Do not go gentle into that good night…
Rage, rage against the dying of the light.
So wrote Dylan Thomas about his father dying in old age. How much more should we rage at the tragic death of a young man in his prime. Joe was 27, full of life. He died riding his motorcycle, on his way to dinner with his parents. When he did not arrive, and the next knock on the door was a policewoman, they knew immediately.
And yet, at the time, you cannot rage. You cannot do anything—there is no energy.
Time seems to slow to a crawl. The next day took a week to pass.
The world has changed; the landscape is all different now. It is not so much that you do not have a map to navigate this new territory—you simply cannot see any of its features. The swirling chaos of shock and grief is like a blizzard, as if you are locked into a giant snow globe which someone (God?) has given a very vigorous shake, and the flakes continue to swirl and play and take an agonisingly long time to settle before you can see anything.
And what will God say? What can God say? Can anything be said that will make sense, or be of help? It’s like watching a magician do the impossible and turn a circle into a square. You know it is just a trick, an illusion, and it has not solved anything in the real world.
Why wasn’t he a minute earlier, a minute later? Even a few seconds? Why did the car pull out to turn at that moment? Any number of things could have been different, and we would not have entered this parallel world to normality. In this moment there are no words to explain, because what has happened does not make sense.
Of course, there are the usual reassurances. ‘Death is not the end’. ‘Because Jesus died and rose again, there is hope beyond death’. It’s not that these things are not true; just that they don’t do anything right now. When you sit in the darkest moment of night, knowing that (at least in theory) dawn will eventually come does not make the darkness any less dark.
As I was making the endless journey down to see them, my mind kept going back to the story in John 11, where Jesus meets Mary and Martha after their brother Lazarus had died. It is all there. The regrets. ‘If only you had been here…’ The articulation of belief, forming a thin crust over the reality of grief. ‘I know the dead will be raised…’. Tragedy. Lazarus is mentioned third, after his sisters (John 11.5), so is almost certainly a younger brother—possibly not yet 20, certainly young like Joe. A life ended prematurely. Incomprehension in the words of the disciples.
And Jesus’ response?
When Jesus saw her weeping, and the Jews who had come along with her also weeping, he was deeply moved in spirit and troubled. “Where have you laid him?” he asked. “Come and see, Lord,” they replied. Jesus wept. (John 11.33–35)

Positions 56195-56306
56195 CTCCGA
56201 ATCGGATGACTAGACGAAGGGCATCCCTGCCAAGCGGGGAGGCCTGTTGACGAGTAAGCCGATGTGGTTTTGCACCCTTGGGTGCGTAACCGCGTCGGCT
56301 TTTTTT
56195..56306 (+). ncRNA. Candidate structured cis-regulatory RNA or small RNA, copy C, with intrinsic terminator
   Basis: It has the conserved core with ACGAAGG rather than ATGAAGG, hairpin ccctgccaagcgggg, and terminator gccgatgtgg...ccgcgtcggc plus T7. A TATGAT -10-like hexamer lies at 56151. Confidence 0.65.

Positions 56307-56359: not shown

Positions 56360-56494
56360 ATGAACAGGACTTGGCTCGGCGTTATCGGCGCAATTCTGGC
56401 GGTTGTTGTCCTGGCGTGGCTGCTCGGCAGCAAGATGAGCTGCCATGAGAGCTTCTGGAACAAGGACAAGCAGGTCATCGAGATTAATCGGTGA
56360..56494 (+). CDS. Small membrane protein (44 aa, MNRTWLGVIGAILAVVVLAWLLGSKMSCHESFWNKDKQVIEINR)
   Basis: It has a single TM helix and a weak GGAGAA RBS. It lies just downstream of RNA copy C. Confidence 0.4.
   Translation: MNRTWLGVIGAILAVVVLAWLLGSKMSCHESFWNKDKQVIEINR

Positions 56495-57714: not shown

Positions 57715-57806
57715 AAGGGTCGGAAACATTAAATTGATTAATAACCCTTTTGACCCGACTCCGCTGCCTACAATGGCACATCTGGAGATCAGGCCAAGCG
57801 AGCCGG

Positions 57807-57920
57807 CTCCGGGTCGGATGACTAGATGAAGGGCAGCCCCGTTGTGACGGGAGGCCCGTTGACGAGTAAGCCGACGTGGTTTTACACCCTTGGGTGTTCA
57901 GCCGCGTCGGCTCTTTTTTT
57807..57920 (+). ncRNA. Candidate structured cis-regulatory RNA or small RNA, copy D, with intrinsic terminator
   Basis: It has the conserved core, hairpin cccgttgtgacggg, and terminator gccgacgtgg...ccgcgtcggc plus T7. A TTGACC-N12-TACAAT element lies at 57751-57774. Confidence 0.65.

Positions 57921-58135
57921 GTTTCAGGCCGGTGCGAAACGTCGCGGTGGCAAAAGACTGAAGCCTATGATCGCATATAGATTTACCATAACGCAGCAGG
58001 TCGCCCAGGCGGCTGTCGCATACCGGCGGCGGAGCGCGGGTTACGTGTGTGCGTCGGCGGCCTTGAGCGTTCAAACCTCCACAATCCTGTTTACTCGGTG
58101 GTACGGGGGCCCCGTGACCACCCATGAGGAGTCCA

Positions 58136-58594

Jesus wept. The shortest verse in the Bible, and rightly so. Few words are needed.
But the enormity of it! Can it be true that the God who made the world shares our grief? The unmoveable first mover is now ‘deeply moved?’ The one who was God’s speaking of the cosmos into being wept with those who were bereaved—and does so again today? ‘Man of sorrows—what a name for the Son of God who came.’ What an extraordinary thing this is. God does not simply point forward to the dawn that is to come, which yet we cannot see; he sits in the darkness with us, silent, grieving.
Paul Butler, now Bishop of Durham, wrote about death when he was newly Bishop of Southwell and Nottingham. It is a reflection on the metaphor of ‘tasting’ and ‘swallowing’ death.
I enjoy food. I like the huge variety of tastes that exist. I will always go for savoury rather than sweet, whereas Rosemary goes the other way. Our taste buds are a small part of the extraordinary way that we are made.
But we have all experienced tasting something that is ‘off’ or simply unpalatable because it is too bitter (or sweet). Death has a bitter taste. I have sat with people dying and heard death; both the very quiet, still final breath and the horrible death ‘rattle’. I have seen death; finding two of my best friends lying dead in the road when I was a teenager is an image that has never left me. But so too sitting by my Dad’s bedside waiting for him to wake up, yet knowing he would not, is imprinted on my brain. I have smelt death; it is not pleasant. On that occasion I also tasted something of it; the stench in the air was so strong that it affected my taste buds.
On Good Friday Jesus ‘tasted’ death. He willingly approached death, gave himself up to it and tasted it. He did not simply take a small bite and then spit it out because the taste was too unpleasant. He knew it was going to taste foul but he went right on and consumed it all. Consumed it, ate it up, until there was nothing left on death’s plate.
In tasting death Jesus dealt with death for us all. God raising Jesus from the dead on the first Easter Day was his way of saying ‘Yes’ death has been consumed; it has been overcome; it has been defeated. All that now lies ahead is life, resurrection life, Jesus kind of life.
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